Docker. This is a buzzword that you might probably have come across in various forums and often gets a mention, especially in the virtualization circles. So what is Docker and why is it so damn popular in the IT industry? Docker is a containerization platform that enables developers to easily develop, test and deploy their applications on containers. Also, it is completely free to download and install. Docker Containers are isolated environments completely independent from the host OS, that ship with libraries and dependencies that are needed by the applications to run. In so doing, containers ensure that applications will run on any Linux system without a hitch resulting from differences is the OS version or various other settings. In this guide, you will learn how to install Docker on CentOS 8.
How does Docker differ from Virtualization?
The two technologies are similar in some sense, but unlike a VM (virtual machine), Docker does not create an entire operating system atop of the host system. It rides on the same Linux kernel as the host system and runs containerized applications while still leveraging on the same kernel. This results in boosted application performance and resource optimization.
Docker is a darling of Linux systems such as RedHat and Ubuntu and is mostly used by developers and system administrators in deploying applications. It has largely been embraced by corporate enterprises such as Oracle and expanded to cloud platforms such as AWS and Microsoft Azure. You can easily deploy a LAMP stack using Docker and other applications such as WordPress using Docker compose. Since it’s initial release in 2013, It is estimated that approximately 3.7 million containers have been dockerized and close to 37 billion have been downloaded to date.
Given the brief overview of Docker, let’s now get our hands dirty and proceed to install and configure Docker on CentOS 8.
As you get started, ensure that the following requirements have been fulfilled:
An instance of CentOS 8 with a sudo user.
A stable internet connection.
Step 1: Enable the Docker CE repository
Docker packages are no longer available in CentOS 8 repositories. Therefore, we need to first enable the Docker CE repository by invoking the command below:
$ dnf config-manager --add-repo=https://download.docker.com/linux/centos/docker-ce.repo
Once enabled, you can now proceed to verify which Docker versions are available for download from the repository. To achieve this, execute the command:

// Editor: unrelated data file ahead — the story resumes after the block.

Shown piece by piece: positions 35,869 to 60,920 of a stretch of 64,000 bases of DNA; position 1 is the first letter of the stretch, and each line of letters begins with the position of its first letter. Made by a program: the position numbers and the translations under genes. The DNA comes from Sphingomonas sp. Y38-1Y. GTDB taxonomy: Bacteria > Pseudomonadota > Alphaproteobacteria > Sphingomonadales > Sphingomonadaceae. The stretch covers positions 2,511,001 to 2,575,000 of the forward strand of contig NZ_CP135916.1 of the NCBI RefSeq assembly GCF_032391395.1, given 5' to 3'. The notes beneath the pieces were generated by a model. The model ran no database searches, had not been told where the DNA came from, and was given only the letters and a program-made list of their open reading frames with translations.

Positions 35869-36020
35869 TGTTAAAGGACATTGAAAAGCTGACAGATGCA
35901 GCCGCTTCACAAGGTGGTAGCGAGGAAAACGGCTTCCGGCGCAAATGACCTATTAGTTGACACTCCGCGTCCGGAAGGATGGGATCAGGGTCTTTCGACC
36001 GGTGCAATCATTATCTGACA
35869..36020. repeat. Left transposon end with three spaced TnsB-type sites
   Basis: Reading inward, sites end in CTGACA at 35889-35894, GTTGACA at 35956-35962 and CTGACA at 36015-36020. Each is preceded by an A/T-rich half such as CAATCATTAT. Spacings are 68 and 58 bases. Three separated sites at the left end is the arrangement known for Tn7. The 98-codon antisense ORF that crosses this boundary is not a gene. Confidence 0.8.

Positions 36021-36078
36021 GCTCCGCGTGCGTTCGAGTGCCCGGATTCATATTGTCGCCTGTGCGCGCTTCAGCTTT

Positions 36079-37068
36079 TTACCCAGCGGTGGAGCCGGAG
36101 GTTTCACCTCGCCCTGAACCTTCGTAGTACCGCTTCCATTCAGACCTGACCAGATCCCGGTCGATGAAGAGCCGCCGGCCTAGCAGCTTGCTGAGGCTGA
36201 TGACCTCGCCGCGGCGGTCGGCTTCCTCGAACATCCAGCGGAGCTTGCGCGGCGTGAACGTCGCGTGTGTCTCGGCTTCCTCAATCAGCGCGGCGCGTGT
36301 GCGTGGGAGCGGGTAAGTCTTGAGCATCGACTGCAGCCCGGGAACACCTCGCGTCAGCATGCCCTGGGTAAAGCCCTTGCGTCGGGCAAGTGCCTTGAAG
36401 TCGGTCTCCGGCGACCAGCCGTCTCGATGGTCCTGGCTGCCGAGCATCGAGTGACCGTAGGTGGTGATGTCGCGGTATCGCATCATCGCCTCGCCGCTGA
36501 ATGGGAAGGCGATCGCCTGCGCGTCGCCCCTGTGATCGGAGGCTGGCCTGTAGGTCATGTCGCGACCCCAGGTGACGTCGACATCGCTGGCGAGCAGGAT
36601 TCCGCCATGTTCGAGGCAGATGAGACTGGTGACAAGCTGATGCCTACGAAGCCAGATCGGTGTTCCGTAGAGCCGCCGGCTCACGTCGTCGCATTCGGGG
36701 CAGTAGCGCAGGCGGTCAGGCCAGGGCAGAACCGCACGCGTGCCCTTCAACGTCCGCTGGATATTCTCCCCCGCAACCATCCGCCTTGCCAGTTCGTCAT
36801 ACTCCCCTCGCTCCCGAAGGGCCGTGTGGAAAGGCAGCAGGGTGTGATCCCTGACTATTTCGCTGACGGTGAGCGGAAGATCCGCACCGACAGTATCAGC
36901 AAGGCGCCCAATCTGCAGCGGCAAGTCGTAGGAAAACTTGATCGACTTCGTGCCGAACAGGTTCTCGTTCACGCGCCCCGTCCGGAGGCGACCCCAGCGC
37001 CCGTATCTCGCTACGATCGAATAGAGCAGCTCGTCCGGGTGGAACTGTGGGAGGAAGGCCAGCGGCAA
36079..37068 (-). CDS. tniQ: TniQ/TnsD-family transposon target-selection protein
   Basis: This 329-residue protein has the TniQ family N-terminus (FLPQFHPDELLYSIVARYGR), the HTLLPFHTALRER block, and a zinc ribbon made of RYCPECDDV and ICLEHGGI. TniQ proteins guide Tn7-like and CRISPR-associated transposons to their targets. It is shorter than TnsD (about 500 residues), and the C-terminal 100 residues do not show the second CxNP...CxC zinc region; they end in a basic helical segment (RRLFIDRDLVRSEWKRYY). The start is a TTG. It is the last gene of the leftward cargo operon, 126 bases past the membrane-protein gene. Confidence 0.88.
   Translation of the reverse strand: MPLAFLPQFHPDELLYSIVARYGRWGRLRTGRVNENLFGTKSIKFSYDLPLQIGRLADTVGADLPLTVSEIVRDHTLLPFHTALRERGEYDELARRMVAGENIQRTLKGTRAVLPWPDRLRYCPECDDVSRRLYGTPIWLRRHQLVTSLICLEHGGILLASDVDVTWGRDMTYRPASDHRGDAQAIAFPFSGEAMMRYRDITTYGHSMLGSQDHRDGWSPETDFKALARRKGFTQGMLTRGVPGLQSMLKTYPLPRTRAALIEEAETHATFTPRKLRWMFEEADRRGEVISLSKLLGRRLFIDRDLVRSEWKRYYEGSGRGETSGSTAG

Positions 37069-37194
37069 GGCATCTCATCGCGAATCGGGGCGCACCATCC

$ sudo dnf list docker-ce
This returns a list of Docker versions as shown below:
Step 2: Install Docker on CentOS 8
Having had a glimpse of the available Docker versions, You can install Docker on CentOS 8 by running the command below. This installs the latest version of Docker.
$ sudo dnf install docker-ce --nobest -y
This is going to install Docker alongside its dependencies such as docker-ce command-line tool.
Upon completion of the installation, start Docker and enable it upon booting by invoking the following commands:
$ sudo systemctl start docker $ sudo systemctl enable docker
To verify the everything is working as expected, confirm Docker status a shown:
$ sudo systemctl status docker
If you are curious as to what version you are running, run:
$ docker --version
Alternatively, you can use the following rpm command to retrieve finer details such as version, release, architecture, and install data and so much more.
$ rpm -qi docker-ce
Perfect! Up until this point, we have managed to successfully install Docker on our CentOS 8 system. In the next step, we will look at how you can run docker using a few commands.
Step 3: Run Docker on CentOS 8
To run docker commands as the regular user, we must first add that user to the docker group. To achieve this, run the following
usermod command as the root user.
$ usermod -aG sudo username
In our case, the username is unixmen, and therefore the command translates to:
$ usermod -aG sudo unixmen
To verify that everything is working just fine, we are going to pull a “hello-world“ image from Docker hub and run the container locally on our system. To do this, run the command:
$ docker run hello-world
You should get the output shown below with the message “Hello from Docker!”
Step 4: Basic Docker commands
Having successfully installed Docker, let’s have a look at a few commands to get you started out.
To pull an image from Docker hub without running it, use the syntax:
$ docker pull image-name
For example, to pull a Ubuntu image from Docker, run:
$ docker pull ubuntu
This will pull a Ubuntu image and save it locally.
To check the images residing on your machine, run the command:
$ docker images
The output indicates that we have 2 images: the Ubuntu image that we have just pulled from Docker and the ‘hello-world’ that we pulled earlier when testing if docker was functioning as expected. The output also prints out additional information such as tags, image ID, date of creation and image size on the last column.
Let’s get more ambitious. We are going to spawn a container from the Ubuntu image and interact with the container. To do so we will run the command:
$ docker run -it ubuntu bash
Once logged in, you can run commands, for example, we are going to verify the version of the image using the command
The output confirms that we are running a Ubuntu 20.04 LTS container! To display running containers run:
$ docker ps
To reveal both stopped and running containers run:
$ docker ps -a
Those are just but a few examples of interacting with a Docker image. Visit the official Docker documentation to get a glance of additional CLI commands.
This wraps up our guide today on how to install Docker on CentOS 8.